Like many small companies Murphy Musical Instruments biggest problem was its tight budget. Other problems were to follow. Soon after the NAMM convention the company received a legal notice from Fender Guitars alleging possible patent infringement. Apparently the guitar giant thought that Murph guitar's Squire model looked too much like the Jazzmaster/Jaguar body.

Murph Squire
Both guitars had an offset body style and an accentuated upper bout horn. However the Murph guitar featured a slimmer body shape. The Murph Squire guitar came with either one or two single coil pickups that looked more like P-90's than the larger Fender's Jazzmaster pickups. And while the Murph instrument did feature a long vibrato arm, the unit was not as nearly elaborately engineered as the one on that came on either the Jaguar or the Jazzmaster. The Murph Squire guitar, like the Fender guitars did come with a bridge cover.

Finally, the Murph guitar headstock featured three-on-a-side Kluson tuners. Unfortunately when it comes to lawsuits, the company with the deepest pockets usually wins. Pat Murphy was in no financial shape to contest this notice.

Ironically in 1982, long after the demise of Murph Guitars, the Fender Corporation began offering "Squier" guitars as an Asian-built alternative to the much higher priced USA made products.

Murph Squire MK-2
The Murph Squire was an exceptional guitar for its day. It was a much superior instrument to many of the student grade guitars coming from some of the well known manufacturers and a much better guitar than the Asian products that flooded the market in the 1960's.

Squire Bass

The solid body Murph Squire guitars were available as six or 12 string and bass models.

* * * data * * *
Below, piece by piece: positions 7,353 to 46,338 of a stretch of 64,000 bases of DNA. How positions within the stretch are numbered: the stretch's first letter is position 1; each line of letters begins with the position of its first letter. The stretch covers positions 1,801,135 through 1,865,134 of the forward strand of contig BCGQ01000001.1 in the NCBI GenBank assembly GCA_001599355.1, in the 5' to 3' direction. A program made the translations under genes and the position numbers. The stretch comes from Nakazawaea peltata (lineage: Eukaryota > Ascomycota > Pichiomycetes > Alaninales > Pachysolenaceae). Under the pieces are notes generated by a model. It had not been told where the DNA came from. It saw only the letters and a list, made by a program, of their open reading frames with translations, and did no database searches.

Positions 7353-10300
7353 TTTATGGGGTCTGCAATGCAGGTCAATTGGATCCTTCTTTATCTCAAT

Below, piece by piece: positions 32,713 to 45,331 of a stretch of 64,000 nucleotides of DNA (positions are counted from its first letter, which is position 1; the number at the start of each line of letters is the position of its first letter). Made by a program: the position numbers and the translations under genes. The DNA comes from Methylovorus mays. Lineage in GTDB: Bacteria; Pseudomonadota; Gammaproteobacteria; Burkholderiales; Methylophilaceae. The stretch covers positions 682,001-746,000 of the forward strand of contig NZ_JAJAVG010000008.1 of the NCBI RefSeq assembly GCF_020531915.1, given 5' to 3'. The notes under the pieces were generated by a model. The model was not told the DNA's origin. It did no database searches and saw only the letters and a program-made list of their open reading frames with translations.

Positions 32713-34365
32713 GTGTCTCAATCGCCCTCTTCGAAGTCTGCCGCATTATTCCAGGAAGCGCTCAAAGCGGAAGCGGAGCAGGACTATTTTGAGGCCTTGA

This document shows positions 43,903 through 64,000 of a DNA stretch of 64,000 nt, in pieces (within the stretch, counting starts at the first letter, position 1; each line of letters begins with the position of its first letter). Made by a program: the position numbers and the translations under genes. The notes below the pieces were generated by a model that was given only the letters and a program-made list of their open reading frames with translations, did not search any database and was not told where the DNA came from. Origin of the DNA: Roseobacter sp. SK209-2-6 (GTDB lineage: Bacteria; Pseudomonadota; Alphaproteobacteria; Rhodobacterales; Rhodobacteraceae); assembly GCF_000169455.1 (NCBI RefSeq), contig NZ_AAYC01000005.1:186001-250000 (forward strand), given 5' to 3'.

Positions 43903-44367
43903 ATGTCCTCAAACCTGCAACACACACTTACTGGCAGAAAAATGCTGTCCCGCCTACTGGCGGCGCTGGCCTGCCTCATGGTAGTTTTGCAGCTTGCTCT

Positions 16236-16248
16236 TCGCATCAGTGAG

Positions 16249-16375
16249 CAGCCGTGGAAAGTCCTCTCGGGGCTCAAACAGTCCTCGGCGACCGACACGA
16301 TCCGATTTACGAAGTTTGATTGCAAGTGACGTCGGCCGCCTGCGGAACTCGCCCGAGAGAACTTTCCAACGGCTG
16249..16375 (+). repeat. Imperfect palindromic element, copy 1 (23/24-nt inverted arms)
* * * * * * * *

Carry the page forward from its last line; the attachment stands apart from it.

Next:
Murph 12 String Squire
The 12 string Squire came with a Rickenbacker-style tuning key arrangement; that is three-on-a-side Kluson tuners facing outward and three-on-a-side tuners facing downward. The pickups used on this model were excellent. The maple neck is said to be thin and quite playable.

The Murph Squire guitar came with either one or two single coil pickups. The pickup switch was a slider model. It was available as a hard tail model or with a vibrato tailpiece.

Aside from the standard Squire model, Murph Guitars made some other very unique guitars, which included a semi-solid Squire model that came with two F-holes.

Murph Gemini

This was the Murph Gemini, a double cutaway semi-hollow body guitar, that more or less resembled a Gibson ES-335, however the cutaway horns were shapped slightly different. The Gemini was available as a six string, a 12 string or a bass.

Murph Westerner

The Murph Westerner resembled the Squire and was unique since its body was upholstered in Naugahyde. What happened was when a Murph Squires paint job was found to have flaws or defects, instead of trashing the body, it was covered with a glittery Naugahyde fabric and then dubbed a "Westerner". Pat Murphy grew up during the Depression era when nothing was wasted.

Murph Satellite

The Murph Satellite guitar is said to be created a result of the legal notice from Fender. Pat Murphy's wife is credited with the design of this heart-shaped semi-hollow body guitar. The Satellite was sold as a six or 12 string model as well as a bass guitar.

Aside from the extremely unique body shape, the joint between the neck and the headstock features a triangular section on the instruments front and back side that pairs the wood. Due to the unique body shape, this instrument would not fit in the Hamilton guitar stands of the day, so it came with its own unusual stand that notified the world, this was a Murph. This is the rarest Murph guitar and very few were made.

Murph Baby Satellite
Murph guitars also built the Baby Satellite guitar. The Baby Satellite was a 3/4 sized version of the Satellite, and was intended to sell as a toy. However it was a functioning small single pickup guitar. It came with its own case and the plan was to sell it with a battery powered amplifier for $99.00 USD.